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In February 2016, the FAA, for the first time in nearly forty years, replaced its Advisory Circular on aircraft leasing. (AC91-37B (February 10, 2016), superseding and replacing AC91-37A (January 16, 1978).) The new guidance expresses the FAA’s continuing concern over arrangements where operational control is retained by the aircraft lessor, and that thus constitute de facto uncertificated air charter. Also included are some noteworthy additions, such as (a) a statement that the operational control concerns apply to aircraft of all sizes (even though the specific subject of the Advisory Circular relates only to large aircraft, exceeding 12,500 pounds gross take-off weight), and (b) the introduction of seven factors that the FAA encourages lessors and lessees to examine in clarifying which party truly operates the aircraft.



Among the FAA’s most abiding and profound concerns is that of unlawful commercial carriage. The right to carry passengers or property in exchange for compensation is allowed (apart from certain narrow exceptions) only to those few operators that hold air carrier operating certificates. The regulatory air-carrier authorization process is intended, among other things, to ensure as to each carrier: the skill and proficiency of their pilots and crew; the quality and maintenance of their aircraft; the suitability of their resources to their missions; their adherence to strict operational limitations; and the integrity of their business practices. In AC91-37B, the FAA expresses the need for potential passengers/lessees to be attuned to whether the arrangements they enter into provide for them to (a) receive air transportation, or (b) become the custodian of the aircraft, which they then use to transport themselves. The FAA cautions against aircraft owners who may imply an arrangement in the first category, while actually offering only the second:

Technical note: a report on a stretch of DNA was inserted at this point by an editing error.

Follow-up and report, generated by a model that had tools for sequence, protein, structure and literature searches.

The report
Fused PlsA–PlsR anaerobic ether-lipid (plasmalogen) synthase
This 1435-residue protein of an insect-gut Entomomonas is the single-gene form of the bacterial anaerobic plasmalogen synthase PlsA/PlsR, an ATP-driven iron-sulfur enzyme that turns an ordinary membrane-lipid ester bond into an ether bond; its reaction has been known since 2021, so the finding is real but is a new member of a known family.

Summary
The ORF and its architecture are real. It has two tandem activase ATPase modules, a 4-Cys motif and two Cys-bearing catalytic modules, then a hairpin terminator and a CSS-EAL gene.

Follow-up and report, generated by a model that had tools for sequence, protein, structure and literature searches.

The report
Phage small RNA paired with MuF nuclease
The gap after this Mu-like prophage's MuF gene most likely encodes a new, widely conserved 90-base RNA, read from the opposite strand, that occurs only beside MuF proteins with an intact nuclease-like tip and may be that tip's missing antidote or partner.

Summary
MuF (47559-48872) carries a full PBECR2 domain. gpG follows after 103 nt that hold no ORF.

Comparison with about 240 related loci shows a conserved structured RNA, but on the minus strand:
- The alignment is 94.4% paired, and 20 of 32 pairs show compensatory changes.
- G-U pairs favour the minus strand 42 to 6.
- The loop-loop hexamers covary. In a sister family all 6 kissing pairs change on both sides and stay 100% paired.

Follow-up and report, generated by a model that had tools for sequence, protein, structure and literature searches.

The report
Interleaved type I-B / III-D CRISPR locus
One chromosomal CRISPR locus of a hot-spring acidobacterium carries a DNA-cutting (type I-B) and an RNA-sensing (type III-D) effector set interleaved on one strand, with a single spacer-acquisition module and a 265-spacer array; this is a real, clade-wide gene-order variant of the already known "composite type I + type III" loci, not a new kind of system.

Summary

[T]here are aviation companies certificated to offer charter air service; however, there are also dozens of other companies or individuals who have no air carrier or operating certificate but who are willing to violate the law by evading safety requirements. Some evade air carrier certification by using devious leasing schemes intended to appear legitimate. Before you sign for a charter air service, ask to see their air carrier operating certificate issued by the FAA. Additionally, before entering into an aircraft lease, ensure you understand and are willing to accept your responsibilities for compliance with air safety regulations.


Leases that convey to lessees the right to use an aircraft as a piece of equipment (and, thus, include a transfer of the rights and responsibilities to operate the aircraft) are not only acceptable to the FAA, but widespread throughout the industry. In 2011, the FAA Office of Chief Counsel wrote that: